Maya Sabatello and coauthors, in “Structural Racism in the COVID-19 Pandemic,” have called our attention to how preexisting systemic racism in the United States has produced exactly the racial disp...
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  10.  7
    What's True in Truth and Reconciliation? Why Epistemic Justice is of Paramount Importance in Addressing Structural Racism in Healthcare.Yoann Della Croce, Matteo Gianni & Valeria Marino - 2021 - American Journal of Bioethics 21 (3):92-94.
    In their address of structural racism in healthcare, Sabatello and colleagues provide both a remarkable review of the empirical literature regarding the disproportionate impacts of the COVID...
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  11.  6
    Civic Learning, Science, and Structural Racism.Kiameesha R. Evans & Michael K. Gusmano - 2021 - Hastings Center Report 51 (S1):46-50.
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  12.  3
    An Open Dialogue on Health Disparities and Structural Racism: Response to Open Peer Commentaries.Maya Sabatello, Mary Jackson Scroggins, Greta Goto, Alicia Santiago, Alma McCormick, Kimberly Jacoby Morris, Christina R. Daulton, Carla L. Easter & Gwen Darien - forthcoming - American Journal of Bioethics:1-3.
    In our target article, we proposed the use of community engagement and the establishment of a Truth and Reconciliation Commission as pathways for promoting social just...
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  13. The Wrongs of Racist Beliefs.Rima Basu - 2019 - Philosophical Studies 176 (9):2497-2515.
    We care not only about how people treat us, but also what they believe of us. If I believe that you’re a bad tipper given your race, I’ve wronged you. But, what if you are a bad tipper? It is commonly argued that the way racist beliefs wrong is that the racist believer either misrepresents reality, organizes facts in a misleading way that distorts the truth, or engages in fallacious reasoning. In this paper, I present a case that challenges this (...)
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  14. Racism as Self-Love.Grant Joseph Silva - 2019 - Radical Philosophy Review 22 (1):85-112.
    In the United States today, much interpersonal racism is driven by corrupt forms of self-preservation. Drawing from Jean- Jacques Rousseau, I refer to this as self-love racism. The byproduct of socially-induced racial anxieties and perceived threats to one’s physical or social wellbeing, self-love racism is the protective attachment to the racialized dimensions of one’s social status, wealth, privilege, and/or identity. Examples include police officer related shootings of unarmed Black Americans, anti-immigrant sentiment, and the resurgence of unabashed white (...)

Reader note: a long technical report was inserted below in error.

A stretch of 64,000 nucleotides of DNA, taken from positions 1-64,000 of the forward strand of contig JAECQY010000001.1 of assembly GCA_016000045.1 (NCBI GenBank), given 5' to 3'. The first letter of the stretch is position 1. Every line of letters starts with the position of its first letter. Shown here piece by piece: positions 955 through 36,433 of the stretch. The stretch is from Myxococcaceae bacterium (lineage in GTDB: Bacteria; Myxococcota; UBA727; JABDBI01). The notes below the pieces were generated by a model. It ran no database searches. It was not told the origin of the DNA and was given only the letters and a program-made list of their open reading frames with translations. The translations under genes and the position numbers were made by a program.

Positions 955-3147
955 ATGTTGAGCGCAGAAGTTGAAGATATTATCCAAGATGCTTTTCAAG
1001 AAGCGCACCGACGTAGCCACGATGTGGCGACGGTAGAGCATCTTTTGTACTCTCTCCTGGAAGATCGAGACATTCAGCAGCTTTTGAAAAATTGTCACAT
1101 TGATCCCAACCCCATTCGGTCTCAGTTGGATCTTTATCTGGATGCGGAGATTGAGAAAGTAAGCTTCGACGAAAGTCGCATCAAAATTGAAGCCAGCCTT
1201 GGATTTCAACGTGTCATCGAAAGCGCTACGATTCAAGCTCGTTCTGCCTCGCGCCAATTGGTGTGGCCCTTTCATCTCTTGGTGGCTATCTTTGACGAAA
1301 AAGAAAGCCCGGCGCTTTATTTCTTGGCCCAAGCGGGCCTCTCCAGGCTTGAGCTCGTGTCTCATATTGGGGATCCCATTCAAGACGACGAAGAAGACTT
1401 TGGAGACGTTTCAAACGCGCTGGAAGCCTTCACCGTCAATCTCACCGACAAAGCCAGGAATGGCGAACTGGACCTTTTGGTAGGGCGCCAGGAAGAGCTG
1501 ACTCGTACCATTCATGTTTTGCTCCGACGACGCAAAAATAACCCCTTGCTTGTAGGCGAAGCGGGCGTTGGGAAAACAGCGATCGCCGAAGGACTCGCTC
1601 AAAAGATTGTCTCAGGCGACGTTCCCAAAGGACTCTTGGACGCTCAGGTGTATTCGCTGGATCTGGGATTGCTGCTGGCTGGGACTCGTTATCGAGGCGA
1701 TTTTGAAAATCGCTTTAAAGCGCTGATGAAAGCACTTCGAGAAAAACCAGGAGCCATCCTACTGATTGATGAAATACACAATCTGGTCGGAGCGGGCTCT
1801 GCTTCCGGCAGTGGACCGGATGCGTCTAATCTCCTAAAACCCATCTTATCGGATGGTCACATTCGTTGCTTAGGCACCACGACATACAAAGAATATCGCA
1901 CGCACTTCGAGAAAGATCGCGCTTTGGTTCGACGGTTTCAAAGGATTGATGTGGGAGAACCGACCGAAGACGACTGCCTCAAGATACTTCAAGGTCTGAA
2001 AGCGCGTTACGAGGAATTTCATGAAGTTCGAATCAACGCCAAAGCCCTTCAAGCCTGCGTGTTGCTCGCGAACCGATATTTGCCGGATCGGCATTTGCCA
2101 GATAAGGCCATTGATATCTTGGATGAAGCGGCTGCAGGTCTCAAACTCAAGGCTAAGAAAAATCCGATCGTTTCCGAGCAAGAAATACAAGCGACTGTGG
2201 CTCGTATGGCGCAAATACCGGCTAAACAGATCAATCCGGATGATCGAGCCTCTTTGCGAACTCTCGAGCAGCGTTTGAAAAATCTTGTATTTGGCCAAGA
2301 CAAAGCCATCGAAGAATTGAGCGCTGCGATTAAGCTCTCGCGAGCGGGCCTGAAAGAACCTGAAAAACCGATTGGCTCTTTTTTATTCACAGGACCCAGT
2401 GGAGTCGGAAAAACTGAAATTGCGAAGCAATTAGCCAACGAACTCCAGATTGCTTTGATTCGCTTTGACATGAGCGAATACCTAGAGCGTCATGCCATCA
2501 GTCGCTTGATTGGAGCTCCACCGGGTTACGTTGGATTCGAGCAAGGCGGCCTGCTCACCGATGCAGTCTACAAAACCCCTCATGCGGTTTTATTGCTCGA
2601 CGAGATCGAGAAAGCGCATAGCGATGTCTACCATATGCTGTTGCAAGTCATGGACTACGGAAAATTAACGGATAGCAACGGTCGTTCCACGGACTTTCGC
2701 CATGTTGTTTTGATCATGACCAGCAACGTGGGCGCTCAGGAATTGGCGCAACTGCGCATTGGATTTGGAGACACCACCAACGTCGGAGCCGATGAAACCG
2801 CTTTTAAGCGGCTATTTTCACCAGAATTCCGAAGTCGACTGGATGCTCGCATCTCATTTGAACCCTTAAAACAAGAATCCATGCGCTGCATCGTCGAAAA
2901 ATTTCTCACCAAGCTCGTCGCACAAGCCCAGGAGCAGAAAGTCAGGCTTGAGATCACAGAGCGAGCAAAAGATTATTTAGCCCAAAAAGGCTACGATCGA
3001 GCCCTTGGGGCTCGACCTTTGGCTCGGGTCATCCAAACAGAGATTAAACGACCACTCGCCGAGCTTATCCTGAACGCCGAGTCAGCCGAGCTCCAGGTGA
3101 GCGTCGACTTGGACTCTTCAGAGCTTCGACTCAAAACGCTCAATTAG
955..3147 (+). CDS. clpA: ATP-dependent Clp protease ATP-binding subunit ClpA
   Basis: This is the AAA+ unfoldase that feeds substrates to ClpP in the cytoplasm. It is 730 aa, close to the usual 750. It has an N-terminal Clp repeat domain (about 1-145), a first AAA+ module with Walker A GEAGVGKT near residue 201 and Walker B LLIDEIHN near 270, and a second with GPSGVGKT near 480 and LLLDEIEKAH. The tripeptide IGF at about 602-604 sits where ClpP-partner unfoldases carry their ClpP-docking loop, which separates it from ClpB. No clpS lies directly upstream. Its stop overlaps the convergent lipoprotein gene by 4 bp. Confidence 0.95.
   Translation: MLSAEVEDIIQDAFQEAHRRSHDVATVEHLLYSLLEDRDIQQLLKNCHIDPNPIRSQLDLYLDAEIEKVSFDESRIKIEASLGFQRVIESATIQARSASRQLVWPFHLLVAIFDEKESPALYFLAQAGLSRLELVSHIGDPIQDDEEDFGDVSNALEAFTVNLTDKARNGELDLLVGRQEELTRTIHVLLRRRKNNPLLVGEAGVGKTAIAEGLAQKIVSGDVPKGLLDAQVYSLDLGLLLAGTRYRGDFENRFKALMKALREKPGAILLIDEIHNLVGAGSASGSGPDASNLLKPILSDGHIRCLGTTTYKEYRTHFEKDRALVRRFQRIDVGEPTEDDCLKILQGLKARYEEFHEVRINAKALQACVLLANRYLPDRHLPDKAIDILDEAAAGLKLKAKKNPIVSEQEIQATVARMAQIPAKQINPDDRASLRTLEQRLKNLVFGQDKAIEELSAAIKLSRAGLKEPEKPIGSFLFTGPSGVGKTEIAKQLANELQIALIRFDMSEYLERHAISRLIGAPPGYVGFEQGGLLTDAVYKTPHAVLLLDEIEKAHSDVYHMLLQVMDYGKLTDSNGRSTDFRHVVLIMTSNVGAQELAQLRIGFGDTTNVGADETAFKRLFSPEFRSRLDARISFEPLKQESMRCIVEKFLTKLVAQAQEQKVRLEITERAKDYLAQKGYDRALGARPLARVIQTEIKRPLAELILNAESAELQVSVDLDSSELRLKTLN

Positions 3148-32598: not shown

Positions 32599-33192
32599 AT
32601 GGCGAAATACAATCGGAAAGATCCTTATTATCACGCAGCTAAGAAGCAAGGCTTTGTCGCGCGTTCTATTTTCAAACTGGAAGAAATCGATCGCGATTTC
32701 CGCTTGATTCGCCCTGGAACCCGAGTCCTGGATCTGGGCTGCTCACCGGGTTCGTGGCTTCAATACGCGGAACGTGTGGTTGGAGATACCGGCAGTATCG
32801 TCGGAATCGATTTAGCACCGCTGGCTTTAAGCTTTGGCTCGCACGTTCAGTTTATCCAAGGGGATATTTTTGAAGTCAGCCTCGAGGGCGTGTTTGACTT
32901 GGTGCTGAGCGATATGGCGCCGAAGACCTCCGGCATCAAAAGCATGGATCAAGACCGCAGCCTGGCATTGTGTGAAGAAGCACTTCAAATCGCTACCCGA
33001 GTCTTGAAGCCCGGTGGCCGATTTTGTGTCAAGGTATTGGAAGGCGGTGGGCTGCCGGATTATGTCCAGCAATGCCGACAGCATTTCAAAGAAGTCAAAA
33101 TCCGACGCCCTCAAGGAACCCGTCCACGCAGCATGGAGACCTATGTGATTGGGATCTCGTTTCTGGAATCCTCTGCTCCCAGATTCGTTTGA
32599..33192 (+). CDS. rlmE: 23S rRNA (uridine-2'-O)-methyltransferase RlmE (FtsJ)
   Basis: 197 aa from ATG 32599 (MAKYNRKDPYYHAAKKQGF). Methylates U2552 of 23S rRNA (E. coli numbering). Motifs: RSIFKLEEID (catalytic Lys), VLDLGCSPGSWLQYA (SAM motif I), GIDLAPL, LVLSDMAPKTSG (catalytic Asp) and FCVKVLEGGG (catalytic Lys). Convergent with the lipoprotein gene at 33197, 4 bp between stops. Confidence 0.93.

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  15.  38
    Structure and Agency in Scholarly Formulations of Racism.Kevin McKenzie - 2011 - Human Studies 34 (1):67-92.
    That the issue of racism is a pressing social concern which requires serious and detailed attention is, for ethnomethodology, not a first principle from which its own inquiry is launched but rather a matter to be considered in light of how mundane actors (both professional and lay) treat that very topic. This paper explores how the assumption of an ontological distinction between social structure and individual agency is integral to the intelligibility of racism as formulated in scholarly accounts. (...)
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  16.  2
    Structural Gendered Racism Revealed in Pandemic Times: Intersectional Approaches to Understanding Race and Gender Health Inequities in COVID-19.Tashelle Wright & Whitney N. Laster Pirtle - 2021 - Gender and Society 35 (2):168-179.
    The pandemic reveals; the novel coronavirus pandemic has brought the historically rooted inequities of our society to the forefront. We argue that an intersectional analysis is needed to further help peel back the veil that the pandemic has begun to reveal. We identify structural gendered racism—the totality of interconnectedness between structural racism and structural sexism in shaping race and gender inequities—as a root cause of health problems among Black women and other women of color, which (...)
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  17.  25
    Racism and Sexual Oppression in Anglo-America: A Genealogy.Ladelle McWhorter - 2009 - Indiana University Press.
    Does the black struggle for civil rights make common cause with the movement to foster queer community, protest anti-queer violence or discrimination, and demand respect for the rights and sensibilities of queer people? Confronting this emotionally charged question, Ladelle McWhorter reveals how a carefully structured campaign against abnormality in the late 19th and early 20th centuries encouraged white Americans to purge society of so-called biological contaminants, people who were poor, disabled, black, or queer. Building on a legacy of savage hate (...)
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  18.  20
    Contemporary "Structures" of Racism.Justin I. Fugo - 2019 - Sartre Studies International 25 (2):57-76.
    This paper develops an account of racism as rooted in social structural processes. Using Sartre, I attempt to give a general analysis of what I refer to as the “structures” of our social world, namely the practico-inert, serial collectives, and social groups. I then apply this analysis to expose and elucidate “racist structures,” specifically those that are oftentimes assumed to be ‘race neutral’. By highlighting structures of racial oppression and domination, I aim to justify: 1) the imperative of (...)